The legal notices sent by both the Adani Group and Jay Amit Shah added to the continuous occurrences of SLAPPs (strategic lawsuit against public participation). The SLAPP is how people in power get back to the journalists and writers if they write against them. Such notices are sent to demoralize the people by making them go through the rigorous judicial process. As a result, the writers suffer both mentally and financially. In India, different corporate houses have sued various publications and journalists in the recent years. The pressure from the publishers who ultimately decided to bow down in front of a legal notice can lead to the removal of the article.
In the past few months, there have been multiple instances of books getting banned, threats of violence and police cases against writers because their content was found objectionable by those in power. Writer Hansda Shekhar’s book, The Adivasi will not dance, was banned by the Jharkhand government. The government claimed the book was pornographic in its content and showed the community in a bad light. In the second instance, a book on Yoga Guru Baba Ramdev’s life was banned by a local court in Delhi after Ramdev’s lawyers objected to the book in the court. The people who didn’t like the books used two different institutions to get them banned (the state and the judiciary).
In another case, Professor Kancha Ilaiah has been facing threats of violence and calls for his public hanging by politicians for a chapter from his 2009 book, Post-Hindu India. The ‘Vysyas’ community in Telangana found this chapter offensive. These threats forced Kancha Ilaiah to go into a self-imposed house arrest. The government, ironically, didn’t provide security to Kancha Ilaiah. Instead, it promised that the book would be blocked from getting sold in the state. World Arya Vysya Mahasabha, an organization which claims to represent Vyasyas community filed a petition in the court seeking a criminal complaint against Kancha Ilaiah. In the latest news, a police case has been registered against Kancha Ilaiah for his remarks in the book.These instances reflect the hopeless situation writers find themselves in when the system decides to act against the knowledge they produce. The State indulges in both the direct and indirect intimidation of the writers.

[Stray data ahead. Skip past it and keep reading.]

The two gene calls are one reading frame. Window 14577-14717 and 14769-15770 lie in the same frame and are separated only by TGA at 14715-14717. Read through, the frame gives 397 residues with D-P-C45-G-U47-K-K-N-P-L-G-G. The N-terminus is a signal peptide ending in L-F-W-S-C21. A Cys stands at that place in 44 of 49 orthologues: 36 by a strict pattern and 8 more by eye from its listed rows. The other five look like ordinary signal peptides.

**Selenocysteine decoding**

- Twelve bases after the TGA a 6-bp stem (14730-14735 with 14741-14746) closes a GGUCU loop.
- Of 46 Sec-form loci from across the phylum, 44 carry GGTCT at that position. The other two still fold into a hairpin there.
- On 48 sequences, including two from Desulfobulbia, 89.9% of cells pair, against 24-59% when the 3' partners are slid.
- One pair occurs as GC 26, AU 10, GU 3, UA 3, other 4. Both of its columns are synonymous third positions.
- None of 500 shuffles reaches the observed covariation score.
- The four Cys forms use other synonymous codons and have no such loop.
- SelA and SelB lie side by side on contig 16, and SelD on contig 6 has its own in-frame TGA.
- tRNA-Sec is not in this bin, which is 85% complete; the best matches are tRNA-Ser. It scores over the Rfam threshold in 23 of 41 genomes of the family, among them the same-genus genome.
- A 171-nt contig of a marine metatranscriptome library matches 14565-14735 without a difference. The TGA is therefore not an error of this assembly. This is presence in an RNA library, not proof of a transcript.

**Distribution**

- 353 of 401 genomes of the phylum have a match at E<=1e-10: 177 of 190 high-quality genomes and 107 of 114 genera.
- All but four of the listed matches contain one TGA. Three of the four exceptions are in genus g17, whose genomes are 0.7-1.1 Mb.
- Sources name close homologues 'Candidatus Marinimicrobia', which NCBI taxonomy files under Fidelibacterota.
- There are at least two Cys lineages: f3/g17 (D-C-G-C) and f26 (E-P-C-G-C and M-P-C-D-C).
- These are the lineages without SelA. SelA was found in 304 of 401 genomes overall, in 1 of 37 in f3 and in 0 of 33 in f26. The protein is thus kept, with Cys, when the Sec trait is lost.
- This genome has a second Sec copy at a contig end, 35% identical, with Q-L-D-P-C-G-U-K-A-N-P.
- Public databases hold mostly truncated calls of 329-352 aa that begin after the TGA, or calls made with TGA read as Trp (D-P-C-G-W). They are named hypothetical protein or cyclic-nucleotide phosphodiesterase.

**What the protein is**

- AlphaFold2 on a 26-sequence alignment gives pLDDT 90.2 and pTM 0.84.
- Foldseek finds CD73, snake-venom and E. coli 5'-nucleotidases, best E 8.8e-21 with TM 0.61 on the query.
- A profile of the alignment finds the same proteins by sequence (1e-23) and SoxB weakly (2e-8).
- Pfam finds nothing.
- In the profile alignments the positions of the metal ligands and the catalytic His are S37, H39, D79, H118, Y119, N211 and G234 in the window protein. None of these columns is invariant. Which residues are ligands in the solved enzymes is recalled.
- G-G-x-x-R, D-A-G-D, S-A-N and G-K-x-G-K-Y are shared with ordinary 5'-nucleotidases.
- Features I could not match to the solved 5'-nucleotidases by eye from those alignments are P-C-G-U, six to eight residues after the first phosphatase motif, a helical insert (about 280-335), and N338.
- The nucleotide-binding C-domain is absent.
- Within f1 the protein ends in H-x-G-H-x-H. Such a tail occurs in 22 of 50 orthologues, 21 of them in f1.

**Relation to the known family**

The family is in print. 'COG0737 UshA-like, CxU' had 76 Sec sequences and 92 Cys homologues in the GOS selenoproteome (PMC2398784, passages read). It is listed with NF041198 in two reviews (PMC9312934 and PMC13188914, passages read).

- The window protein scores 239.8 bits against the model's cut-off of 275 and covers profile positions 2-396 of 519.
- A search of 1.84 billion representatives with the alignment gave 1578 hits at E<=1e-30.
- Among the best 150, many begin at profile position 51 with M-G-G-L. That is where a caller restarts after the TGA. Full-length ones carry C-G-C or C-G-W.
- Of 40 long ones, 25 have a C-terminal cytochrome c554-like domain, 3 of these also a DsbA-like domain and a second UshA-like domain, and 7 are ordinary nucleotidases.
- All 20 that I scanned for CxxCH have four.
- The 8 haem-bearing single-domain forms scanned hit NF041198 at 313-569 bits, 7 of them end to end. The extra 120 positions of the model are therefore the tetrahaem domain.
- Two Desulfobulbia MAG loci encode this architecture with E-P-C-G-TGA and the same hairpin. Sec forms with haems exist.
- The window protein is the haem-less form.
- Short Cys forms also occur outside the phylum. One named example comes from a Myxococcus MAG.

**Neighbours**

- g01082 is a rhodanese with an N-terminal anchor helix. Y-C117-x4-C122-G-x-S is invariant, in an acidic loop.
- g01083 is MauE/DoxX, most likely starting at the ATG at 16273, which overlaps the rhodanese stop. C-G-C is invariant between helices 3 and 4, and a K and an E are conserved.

In the current era of social media, fake news has become a tool for the character assassination of the journalists and intellectuals who write against the policies of the government. Prime Minister Narendra Modi, with his silence on the attacks on journalists and by following abusive profiles on social media, has been promoting this troll army which takes on journalists even before the state comes into the picture. The people who lead these armies in the online world are from the establishment and thus, can be viewed as a branch of the State.
All these cases have something in common. If the State does not like someone’s production of knowledge, then the State and its emissaries act against the person. The hegemony of the ruling class – and its instrument in power – attempts to create and control discourses that are of importance, such as their corruption and their role in the reproduction of poverty. They will suppress the truth to the point of making it extinct if it gives them an advantage. These are our times.